It’s been about two years since a set of vintage recording equipment was carried into an empty warehouse space to record the album of then-unknown R&B singer Leon Bridges. The makeshift studio, located at the Supreme Golf Warehouse on Fort Worth’s southside, had blankets for walls and an old putting green on the floor, but somehow, it all came together to create that old-school sound Bridges is known for.
Now Bridges is everywhere – he’s toured the globe, earned a Grammy nomination, appeared in a TV commercial and performed for President Barack Obama.
Meanwhile back in Fort Worth, the studio – where Bridges recorded his debut album full of vintage sounds – isn’t so makeshift anymore. The studio has a name – Niles City Sound – and its partners Chris Vivion, Austin Jenkins and Josh Block renovated part of the space to turn it into a full-fledged studio.
The studio is a dream fulfilled, especially for Jenkins and Block. Jenkins said back in August that he and Block were long-time collectors of old recording gear like amplifiers and tape machines. Starting a recording studio was something they had always talked about but never saw come to fruition. It was when they met Bridges that they finally had a project that could put their recording equipment to use and turn their studio dream into a reality.
Now at Niles City Sound, Jenkins has assumed the role of musical director, and Block works as technical director.
Vivion, who serves as the director of operations at Niles City Sound, gave Fort Worth Business an idea of what the studio is like inside.
How’s the studio doing after Leon Bridges? Is it just a personal studio, or is it open to other acts that want to come in and record?
Niles is more than a recording studio. The facility itself is just a tool to produce high quality recordings. We intend to help an artist find the appropriate record label, publishing company, booking agent, entertainment lawyer and manager to get their career moving and working for them.
What makes Niles City Sound unique to other recording studios?
Niles is one big tracking room, which is geared towards artists who wish to record live. The room is 1,300 square feet with a 17-foot high ceiling and a second floor control room overlooking the tracking room. This is a big departure from modern recording practices. Most modern studios are partitioned to allow for separation.
Can you tell us about some of the equipment in the studio? What are some examples of gear that artists can find in there?
We have five multi-track, multi-format tape machines. Our emphasis is on analog recording rather than digital. There is a hi-fi quality to tape, which is nearly impossible to duplicate with modern digital gear. We use mil-spec tube preamplifiers dating as far back as the 1940s. This equipment was designed for high headroom and high-quality reproduction, while retail price was the afterthought. Quality above all else.
What’s your personal favorite piece of equipment in the studio?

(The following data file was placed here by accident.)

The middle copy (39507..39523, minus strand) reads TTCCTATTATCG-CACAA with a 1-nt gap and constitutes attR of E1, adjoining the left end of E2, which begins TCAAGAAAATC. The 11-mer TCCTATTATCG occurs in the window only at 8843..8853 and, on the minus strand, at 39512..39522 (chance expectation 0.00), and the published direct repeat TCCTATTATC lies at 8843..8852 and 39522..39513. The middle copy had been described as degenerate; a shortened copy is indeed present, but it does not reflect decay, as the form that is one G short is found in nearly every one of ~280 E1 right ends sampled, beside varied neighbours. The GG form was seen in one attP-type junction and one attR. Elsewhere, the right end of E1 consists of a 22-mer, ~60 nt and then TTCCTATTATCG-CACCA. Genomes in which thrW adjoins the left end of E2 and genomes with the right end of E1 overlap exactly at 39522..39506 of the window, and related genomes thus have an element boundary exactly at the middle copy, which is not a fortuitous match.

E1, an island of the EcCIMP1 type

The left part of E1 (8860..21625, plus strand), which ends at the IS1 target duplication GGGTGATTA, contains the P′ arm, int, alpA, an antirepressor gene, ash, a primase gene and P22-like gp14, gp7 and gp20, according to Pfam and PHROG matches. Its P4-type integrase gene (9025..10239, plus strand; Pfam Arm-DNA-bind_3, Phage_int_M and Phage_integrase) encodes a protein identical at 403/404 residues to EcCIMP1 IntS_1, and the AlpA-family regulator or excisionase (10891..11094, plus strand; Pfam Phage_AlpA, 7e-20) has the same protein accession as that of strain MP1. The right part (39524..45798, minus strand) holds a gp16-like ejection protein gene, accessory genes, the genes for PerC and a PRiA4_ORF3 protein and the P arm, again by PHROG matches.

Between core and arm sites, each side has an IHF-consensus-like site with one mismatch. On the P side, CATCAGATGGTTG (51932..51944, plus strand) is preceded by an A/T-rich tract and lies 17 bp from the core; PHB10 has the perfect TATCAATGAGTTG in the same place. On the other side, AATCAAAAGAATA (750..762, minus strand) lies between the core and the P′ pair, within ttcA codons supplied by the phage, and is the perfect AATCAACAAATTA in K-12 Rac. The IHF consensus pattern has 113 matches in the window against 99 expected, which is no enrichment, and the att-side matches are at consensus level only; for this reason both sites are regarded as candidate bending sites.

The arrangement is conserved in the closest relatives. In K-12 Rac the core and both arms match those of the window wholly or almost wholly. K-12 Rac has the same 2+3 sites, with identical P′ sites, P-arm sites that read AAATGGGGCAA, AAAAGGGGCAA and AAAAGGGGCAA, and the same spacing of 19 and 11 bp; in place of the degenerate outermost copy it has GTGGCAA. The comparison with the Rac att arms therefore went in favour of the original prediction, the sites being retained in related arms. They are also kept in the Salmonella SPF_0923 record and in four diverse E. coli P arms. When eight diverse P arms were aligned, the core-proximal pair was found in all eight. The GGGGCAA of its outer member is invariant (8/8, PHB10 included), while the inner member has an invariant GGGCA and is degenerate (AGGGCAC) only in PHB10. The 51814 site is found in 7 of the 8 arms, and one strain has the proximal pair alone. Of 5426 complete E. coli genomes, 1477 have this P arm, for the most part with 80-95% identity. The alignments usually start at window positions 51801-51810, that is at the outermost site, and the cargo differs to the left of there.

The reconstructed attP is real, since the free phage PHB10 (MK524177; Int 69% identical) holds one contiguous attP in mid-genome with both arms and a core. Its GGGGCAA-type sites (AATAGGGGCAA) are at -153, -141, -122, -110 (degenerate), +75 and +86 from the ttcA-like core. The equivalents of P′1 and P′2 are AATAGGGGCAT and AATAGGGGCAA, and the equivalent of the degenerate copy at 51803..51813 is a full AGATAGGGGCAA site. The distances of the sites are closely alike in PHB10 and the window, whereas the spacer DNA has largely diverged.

We all have our favorite pieces. The collection is curated with the main thought being, whatever sounds the best, whether it be vintage or modern. It’s always in our thought process, that we should use whatever will best serve the artist.
What’s it like to run a recording studio as a business? Is it easier or a little more difficult to run a business in this industry, as opposed to, like say, the food industry, oil industry, etc.?
There must be easier ways to make a buck than the recording studio business. I think that everyone who goes down this road just loves what they do.
Has picking up clients been easy? Or do you have to do a little marketing to have artists come by?
So far, we have been blessed with highly talented artists interested to work at Niles.
What are some projects that you’re currently working on?
We have several projects in the works. I am not able to comment on them at the moment however.
Is running a recording studio all “fun and games,” or does the job come with challenges? What are some of the challenges a prospective studio owner needs to be aware of?
It’s countless hours of work. Good thing we enjoy it. If you love what you do, then it does feel like fun and games.
What’s the most fun or rewarding part of being in the recording business?
Working with talented songwriters is a gratifying experience. It makes, coming to work, never feel old.
What’s your advice to someone who wants to start his or her recording studio? Would you recommend them starting from the ground up, or waiting a few years to collect equipment and save up money before renting out a space?
In our case, we have been collecting the gear that we use for years. It would have been nice to come out of the gate with a building and gear all at once, but the investment is considerable. I would say that whatever works for an individual is the best way. Educate yourself as much as possible!
Finally, where do you see Niles City Sound headed in the future?
There are some great artists and organizations in Fort Worth that work hard every day to elevate the position of this city on the world stage. We want to do our part.
Niles City Sound
What was Niles City?
Niles City was basically where the Fort Worth Stockyards are now. According to the Texas State Historical Association, the town, incorporated in 1911, was called “the richest little city in the state of Texas” because of the high value of several corporations – the Swift and Armour packing companies in particular – located in the area. Niles City became a part of Fort Worth in August 1923.